Ericsson said his best airline recruits come from carriers other than majors, where he fears they may have lost the entrepreneurial skills he seeks. For some of the same reasons, City does not hire ex-military pilots. Typically, the new-hires might bring a background in EMS operations or corporate aviation, although some come from other regionals.
The airline carries European JAR145 certification and conducts its own maintenance up to A checks. Engineering provider OGMA of Portugal completed three C checks during the middle of his year, and has scheduled a fourth or the coming winter. OGMA earned raves from Ericsson, who said he might send Rolls-Royce AE3007 engines there for overhaul.
City Airline employs 15 people in its engineering department and technical offices. It outsources all maintenance training. As with flight crew, Ericsson reports “more or less zero” staff turnover.
All in all, Ericsson expressed satisfaction with the progress he has seen so far. “The first objective was to be profitable and we made E550,000 ($675,000) in the first six months [of this year] on scheduled service, wet-lease operations and charter,” he said. While he wouldn’t predict the future, adding enough destinations to employ a fifth aircraft at Gothenburg ranks on his wish list.
Along with five ERJs on 10 to 12 Gothenburg routes by 2010, City Airlines aims to fly an additional five machines on “special missions” contracts for corporate shuttle, charter and wet-lease. Ericsson said he was glad to see other European carriers working to raise fares, but stressed the importance that fuel prices “do not go ballistic.”
What sort of strategies the competition employs will be a critical factor in City Airline’s development. City Airline’s ability to increase yields in the past year while maintaining load factors proved the value of premium service between secondary airports, but Ericsson said he will not compete against “big guys” flying 70-seaters.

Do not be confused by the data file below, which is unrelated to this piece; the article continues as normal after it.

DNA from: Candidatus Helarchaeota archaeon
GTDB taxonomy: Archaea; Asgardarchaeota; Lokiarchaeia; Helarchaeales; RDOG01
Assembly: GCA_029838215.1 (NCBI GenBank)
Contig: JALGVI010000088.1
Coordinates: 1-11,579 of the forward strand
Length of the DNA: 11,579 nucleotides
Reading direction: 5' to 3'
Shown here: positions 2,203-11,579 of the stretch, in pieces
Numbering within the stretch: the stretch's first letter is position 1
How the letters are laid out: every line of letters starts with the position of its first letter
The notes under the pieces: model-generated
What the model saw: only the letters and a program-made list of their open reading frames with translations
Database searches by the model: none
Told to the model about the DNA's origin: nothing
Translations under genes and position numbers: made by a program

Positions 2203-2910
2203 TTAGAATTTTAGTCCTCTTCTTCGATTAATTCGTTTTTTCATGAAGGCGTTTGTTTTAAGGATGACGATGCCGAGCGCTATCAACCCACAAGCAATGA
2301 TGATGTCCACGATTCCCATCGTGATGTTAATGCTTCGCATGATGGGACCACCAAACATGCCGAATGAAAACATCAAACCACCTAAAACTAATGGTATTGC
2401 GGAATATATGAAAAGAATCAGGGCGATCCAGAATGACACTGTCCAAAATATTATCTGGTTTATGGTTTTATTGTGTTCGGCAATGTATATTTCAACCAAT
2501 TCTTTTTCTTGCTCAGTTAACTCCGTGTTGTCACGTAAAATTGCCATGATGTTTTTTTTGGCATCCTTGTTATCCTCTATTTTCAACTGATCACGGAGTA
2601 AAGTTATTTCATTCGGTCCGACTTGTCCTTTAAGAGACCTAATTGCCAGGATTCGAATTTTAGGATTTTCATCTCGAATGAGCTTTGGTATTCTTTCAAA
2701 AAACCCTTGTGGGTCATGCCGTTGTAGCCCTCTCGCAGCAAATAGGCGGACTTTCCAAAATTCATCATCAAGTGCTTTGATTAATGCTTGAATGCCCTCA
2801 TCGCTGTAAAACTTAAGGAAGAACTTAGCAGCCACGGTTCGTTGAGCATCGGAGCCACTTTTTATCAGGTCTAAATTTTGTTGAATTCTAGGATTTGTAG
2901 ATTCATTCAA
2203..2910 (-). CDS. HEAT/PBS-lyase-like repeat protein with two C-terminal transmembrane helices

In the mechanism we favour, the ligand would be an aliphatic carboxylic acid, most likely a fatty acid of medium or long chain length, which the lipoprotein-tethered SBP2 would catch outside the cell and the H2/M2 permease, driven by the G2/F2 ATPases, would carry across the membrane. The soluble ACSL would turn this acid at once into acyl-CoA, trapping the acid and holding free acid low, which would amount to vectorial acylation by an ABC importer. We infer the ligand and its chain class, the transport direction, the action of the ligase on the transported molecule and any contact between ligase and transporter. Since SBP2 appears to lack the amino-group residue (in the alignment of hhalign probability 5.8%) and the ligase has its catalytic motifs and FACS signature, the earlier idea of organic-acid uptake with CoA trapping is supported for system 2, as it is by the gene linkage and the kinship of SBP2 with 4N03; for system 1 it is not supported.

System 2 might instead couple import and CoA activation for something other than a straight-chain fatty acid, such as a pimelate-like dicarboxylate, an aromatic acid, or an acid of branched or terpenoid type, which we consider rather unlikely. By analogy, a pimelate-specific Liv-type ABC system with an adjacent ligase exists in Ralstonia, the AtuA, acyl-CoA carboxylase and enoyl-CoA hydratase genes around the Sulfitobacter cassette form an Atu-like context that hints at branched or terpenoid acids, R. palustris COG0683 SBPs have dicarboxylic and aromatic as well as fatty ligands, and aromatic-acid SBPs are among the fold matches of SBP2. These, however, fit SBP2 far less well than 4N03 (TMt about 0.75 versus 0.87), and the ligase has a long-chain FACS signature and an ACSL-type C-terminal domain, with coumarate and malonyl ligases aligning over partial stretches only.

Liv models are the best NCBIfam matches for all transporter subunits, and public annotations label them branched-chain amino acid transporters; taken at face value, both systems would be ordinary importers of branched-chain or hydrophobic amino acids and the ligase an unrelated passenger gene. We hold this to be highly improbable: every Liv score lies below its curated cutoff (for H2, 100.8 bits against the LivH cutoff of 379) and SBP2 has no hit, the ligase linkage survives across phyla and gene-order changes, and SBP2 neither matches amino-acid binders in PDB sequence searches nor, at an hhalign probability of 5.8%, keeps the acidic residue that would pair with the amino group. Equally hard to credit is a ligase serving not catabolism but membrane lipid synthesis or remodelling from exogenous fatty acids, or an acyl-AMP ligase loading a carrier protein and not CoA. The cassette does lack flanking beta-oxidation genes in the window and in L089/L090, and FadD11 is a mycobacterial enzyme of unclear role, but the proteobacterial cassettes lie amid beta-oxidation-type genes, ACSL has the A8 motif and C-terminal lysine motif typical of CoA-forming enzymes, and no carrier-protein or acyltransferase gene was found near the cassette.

Not For Sale
Ericsson recognizes that competition can lead to a loss of independence through failure or takeover, but City Airline is not for sale. “If you are successful, then others will want to buy you, but Mr. Magnusson does not want to sell,” he said. “Rather than become part of a larger operation, the airline’s philosophy is to cooperate with others.”
Accordingly, City Airline would like to provide services for SAS on routes where the flag carrier does not fit ideally in terms of capacity and costs. Ericsson pointed to services such as Stockholm to Birmingham (which currently supports three Boeing 737 flights a week) or from Oslo to Birmingham. Copenhagen could also be a potential candidate, but Ericsson has not surveyed the Danish market, and concedes that SAS’s close relationship with Bombardier CRJ operator Cimber Air places City Airline at a disadvantage.
At the same time, Ericsson seemed wary of any SAS moves that could hurt business. His concern, as one might guess, centers on the chance that SAS will do anything to grab market share, even if it means losing money on the route. “The national carrier has been in great difficulty, which has made it like a badly wounded animal that could do things out of desperation,” he said. “If SAS is not careful, yield could go ‘straight down to the basement’–but they will win market share.”